Tucker Carlson continued to speak out Thursday about the necessity of a plan to begin reopening America for business once the scale of the coronavirus pandemic in the U.S. becomes manageable.
"Facts change very fast. It's easy to miss them and instead get trapped in the storyline that you created weeks or months before. That's especially a temptation in the news business. But it's how terrible decisions get made," the "Tucker Carlson Tonight" host said. "The people making those decisions don't look up long enough to notice that their assumptions were wrong."
Carlson criticized some members of the media for their framing of the news that 6.6 million more people had filed for unemployment insurance last week, playing a clip of MSNBC host Stephanie Ruhle saying that while the numbers were "upsetting" and "jarring," "it also means that Americans are going home, which was what we need them to do."
"If you find yourself saying something like that out loud, pause for a moment and listen to your own words. It means you've lost perspective," Carlson said. "We should give everyone the benefit of the doubt. Americans are tired and fearful. They're frayed from weeks of uncertainty and sadness. But that does not eliminate our obligation to think as clearly as we can, because at some point we're going to have to pivot from our current lockdown to whatever comes next."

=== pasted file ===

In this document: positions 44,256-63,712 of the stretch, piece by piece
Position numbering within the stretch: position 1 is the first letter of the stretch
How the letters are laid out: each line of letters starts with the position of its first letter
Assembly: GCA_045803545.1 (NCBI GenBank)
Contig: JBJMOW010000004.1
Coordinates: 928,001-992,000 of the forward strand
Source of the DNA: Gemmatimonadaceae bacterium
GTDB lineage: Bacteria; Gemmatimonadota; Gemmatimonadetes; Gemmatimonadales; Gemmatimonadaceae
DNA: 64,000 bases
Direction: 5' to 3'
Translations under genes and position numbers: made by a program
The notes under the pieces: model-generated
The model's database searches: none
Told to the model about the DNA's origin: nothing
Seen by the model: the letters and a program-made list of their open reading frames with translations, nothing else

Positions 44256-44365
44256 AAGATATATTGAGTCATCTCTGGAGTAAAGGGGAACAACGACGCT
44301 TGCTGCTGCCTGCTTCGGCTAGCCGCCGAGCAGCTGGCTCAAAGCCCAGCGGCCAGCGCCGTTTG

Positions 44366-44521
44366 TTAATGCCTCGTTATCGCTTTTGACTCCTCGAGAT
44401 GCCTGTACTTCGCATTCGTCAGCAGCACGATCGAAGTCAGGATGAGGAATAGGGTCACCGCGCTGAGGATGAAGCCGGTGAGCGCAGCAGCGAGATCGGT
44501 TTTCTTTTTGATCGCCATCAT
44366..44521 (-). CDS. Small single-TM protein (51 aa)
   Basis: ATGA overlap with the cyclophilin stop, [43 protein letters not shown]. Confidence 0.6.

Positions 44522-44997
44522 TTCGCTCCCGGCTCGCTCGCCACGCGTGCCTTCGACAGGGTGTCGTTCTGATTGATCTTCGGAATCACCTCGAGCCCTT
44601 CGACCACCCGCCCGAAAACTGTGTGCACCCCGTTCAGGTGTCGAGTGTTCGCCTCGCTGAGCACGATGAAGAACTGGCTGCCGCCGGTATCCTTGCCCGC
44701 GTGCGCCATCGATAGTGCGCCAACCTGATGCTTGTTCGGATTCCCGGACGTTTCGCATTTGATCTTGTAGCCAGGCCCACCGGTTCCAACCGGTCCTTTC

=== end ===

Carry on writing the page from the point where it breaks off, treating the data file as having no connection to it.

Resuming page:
Carlson defended Americans tired of being restricted by the coronavirus pandemic, saying the country deserves a clear outline of the path forward.
"How do you move a nation of 320 million people from isolation and joblessness back to something better?" he asked. "You don't hear many people talking about that right now in any detail, but you should be."
The host suggested that the U.S. should watch how the planned lifting of restrictions progresses in other countries that have been affected by the virus.
"Per capita, Austria has been affected in very much the same way by coronavirus as we have here. Next week, the Austrian government will allow most small businesses to reopen," Carlson added. "We can't copy every move the Austrians make and expect the same results. But we can watch carefully and learn from what they're doing and what other countries have done. And we should do that."